The lake-dwellings in Holderness, East Yorkshire, revisited: a journey into antiquarian and contemporary wetland archaeology.
Van de Noort, Robert
University of Exeter (Van de Noort)
Meetings and Proceedings
Society of Antiquaries of Scotland
[FIRST PARAGRAPH] The story presented in this paper began in the 1880s with the discovery of five unusual wet sites in the low-lying region of Holderness, East Yorkshire, during drainage works: West Furze, Round Hill, Barmston Drain, Gransmoor and Kelk (fig 1). The changing interpretation of the significance of these wet sites, from contemporary local accounts to their 'expert' publication early in the twentieth century (Smith 791I), contributed to the tale of the Holderness lake-dwellings, echoing the then already famous lake-dwellings of the Alpine region and elsewhere in Europe (Keller 1878). The tale of the Holderness lake-dwellings survived more recent work intact, as excavators approached the sites without challenging the preconception of these being genuine lake settlements (eg Varley 1968).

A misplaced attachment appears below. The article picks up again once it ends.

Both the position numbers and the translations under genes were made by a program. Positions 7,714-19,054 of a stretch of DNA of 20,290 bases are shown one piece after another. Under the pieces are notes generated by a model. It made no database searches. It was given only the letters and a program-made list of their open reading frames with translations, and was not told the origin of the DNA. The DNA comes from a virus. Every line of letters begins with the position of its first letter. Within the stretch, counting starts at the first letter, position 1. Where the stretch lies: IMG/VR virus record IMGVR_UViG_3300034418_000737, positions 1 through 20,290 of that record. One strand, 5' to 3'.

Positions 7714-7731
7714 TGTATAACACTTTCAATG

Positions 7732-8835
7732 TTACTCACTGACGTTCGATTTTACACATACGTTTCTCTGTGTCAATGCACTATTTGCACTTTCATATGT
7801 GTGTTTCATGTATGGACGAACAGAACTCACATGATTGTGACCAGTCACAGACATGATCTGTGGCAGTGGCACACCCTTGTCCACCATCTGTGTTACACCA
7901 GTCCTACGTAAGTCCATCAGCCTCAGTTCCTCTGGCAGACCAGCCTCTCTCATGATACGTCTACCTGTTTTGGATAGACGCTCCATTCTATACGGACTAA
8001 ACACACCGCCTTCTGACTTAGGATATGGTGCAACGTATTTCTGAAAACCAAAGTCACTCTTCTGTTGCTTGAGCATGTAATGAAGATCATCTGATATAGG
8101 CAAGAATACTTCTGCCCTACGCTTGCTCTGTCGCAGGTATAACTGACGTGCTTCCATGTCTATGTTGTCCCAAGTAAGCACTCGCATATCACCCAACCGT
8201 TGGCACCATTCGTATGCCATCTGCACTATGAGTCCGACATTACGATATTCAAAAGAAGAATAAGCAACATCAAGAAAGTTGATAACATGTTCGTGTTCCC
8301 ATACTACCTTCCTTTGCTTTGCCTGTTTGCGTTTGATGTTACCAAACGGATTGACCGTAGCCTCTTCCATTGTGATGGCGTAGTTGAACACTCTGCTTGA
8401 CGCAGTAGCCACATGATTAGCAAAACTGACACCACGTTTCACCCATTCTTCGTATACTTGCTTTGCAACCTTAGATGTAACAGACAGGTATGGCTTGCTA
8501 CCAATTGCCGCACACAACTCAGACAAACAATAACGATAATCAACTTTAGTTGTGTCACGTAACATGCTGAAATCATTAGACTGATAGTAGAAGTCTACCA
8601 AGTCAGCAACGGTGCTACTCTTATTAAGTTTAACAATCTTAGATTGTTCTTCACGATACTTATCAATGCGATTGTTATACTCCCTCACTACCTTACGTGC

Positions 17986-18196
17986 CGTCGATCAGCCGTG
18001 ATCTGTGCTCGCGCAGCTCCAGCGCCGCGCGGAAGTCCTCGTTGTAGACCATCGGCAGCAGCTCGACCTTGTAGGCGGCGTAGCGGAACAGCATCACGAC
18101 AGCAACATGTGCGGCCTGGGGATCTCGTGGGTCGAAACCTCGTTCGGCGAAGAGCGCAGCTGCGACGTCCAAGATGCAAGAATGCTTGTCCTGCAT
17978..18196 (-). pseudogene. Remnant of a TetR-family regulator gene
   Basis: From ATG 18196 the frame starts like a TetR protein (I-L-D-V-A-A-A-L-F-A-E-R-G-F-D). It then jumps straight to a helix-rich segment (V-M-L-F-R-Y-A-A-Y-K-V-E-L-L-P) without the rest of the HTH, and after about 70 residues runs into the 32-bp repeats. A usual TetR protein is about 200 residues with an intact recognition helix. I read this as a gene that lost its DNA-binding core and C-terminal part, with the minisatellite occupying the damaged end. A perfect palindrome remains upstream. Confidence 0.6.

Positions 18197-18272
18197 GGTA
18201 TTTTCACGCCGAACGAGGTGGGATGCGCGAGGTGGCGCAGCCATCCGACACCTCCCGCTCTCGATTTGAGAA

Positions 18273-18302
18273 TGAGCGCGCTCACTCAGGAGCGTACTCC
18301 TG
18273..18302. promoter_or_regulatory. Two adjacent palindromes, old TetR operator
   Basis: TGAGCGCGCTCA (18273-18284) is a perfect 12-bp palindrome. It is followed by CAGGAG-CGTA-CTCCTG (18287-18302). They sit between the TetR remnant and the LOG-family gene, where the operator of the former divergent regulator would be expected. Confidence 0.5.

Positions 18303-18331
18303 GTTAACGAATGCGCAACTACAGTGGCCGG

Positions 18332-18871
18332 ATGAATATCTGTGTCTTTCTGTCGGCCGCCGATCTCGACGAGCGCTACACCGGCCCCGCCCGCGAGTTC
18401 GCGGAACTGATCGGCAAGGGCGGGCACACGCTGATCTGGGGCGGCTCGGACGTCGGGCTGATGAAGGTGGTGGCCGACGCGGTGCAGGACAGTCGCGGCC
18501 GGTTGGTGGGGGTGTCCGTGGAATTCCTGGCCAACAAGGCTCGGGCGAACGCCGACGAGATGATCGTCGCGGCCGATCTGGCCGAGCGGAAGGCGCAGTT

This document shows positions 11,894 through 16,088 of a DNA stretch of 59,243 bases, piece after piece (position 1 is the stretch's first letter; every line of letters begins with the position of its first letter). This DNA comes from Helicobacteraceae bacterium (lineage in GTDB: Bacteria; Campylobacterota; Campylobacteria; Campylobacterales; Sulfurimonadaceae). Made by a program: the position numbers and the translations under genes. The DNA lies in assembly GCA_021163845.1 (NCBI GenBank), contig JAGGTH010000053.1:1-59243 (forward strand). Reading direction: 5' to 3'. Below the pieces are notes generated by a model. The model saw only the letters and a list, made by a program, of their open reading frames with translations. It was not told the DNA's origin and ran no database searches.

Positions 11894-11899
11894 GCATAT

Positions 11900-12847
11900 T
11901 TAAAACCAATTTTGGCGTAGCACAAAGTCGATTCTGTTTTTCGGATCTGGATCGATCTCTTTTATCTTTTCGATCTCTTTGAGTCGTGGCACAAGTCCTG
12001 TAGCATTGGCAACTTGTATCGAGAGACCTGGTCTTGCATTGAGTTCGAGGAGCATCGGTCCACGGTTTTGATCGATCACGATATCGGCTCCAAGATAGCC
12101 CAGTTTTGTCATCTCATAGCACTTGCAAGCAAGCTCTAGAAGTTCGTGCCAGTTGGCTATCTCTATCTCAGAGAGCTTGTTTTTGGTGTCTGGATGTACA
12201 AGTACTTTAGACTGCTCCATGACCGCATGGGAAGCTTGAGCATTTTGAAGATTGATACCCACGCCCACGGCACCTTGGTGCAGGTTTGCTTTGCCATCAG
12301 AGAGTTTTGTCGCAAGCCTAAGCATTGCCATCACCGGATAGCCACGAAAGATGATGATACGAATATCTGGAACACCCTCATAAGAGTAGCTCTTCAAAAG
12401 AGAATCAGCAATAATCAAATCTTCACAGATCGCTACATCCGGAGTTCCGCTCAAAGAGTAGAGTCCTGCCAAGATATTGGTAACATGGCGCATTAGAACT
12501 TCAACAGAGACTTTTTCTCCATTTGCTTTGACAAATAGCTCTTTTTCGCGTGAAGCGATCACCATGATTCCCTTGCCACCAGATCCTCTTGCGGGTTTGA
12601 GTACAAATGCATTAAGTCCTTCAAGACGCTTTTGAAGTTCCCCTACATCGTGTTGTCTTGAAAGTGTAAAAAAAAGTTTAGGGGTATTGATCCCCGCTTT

Reproduced with permission of the publisher. Copyright © Society of Antiquaries of Scotland and individual auhtors, 2007. Details of the original publication are available at: http://www.socantscot.org/partnumber.asp?cid=14170&pnid=116854
In: Barber, J., et al. (eds). Archaeology from the Wetlands: recent perspectives: proceedings of the 11th WARP conference, Edinburgh 2005. Edinburgh: Society of Antiquaries of Scotland. pp. 313-322
978 0 903903 40 0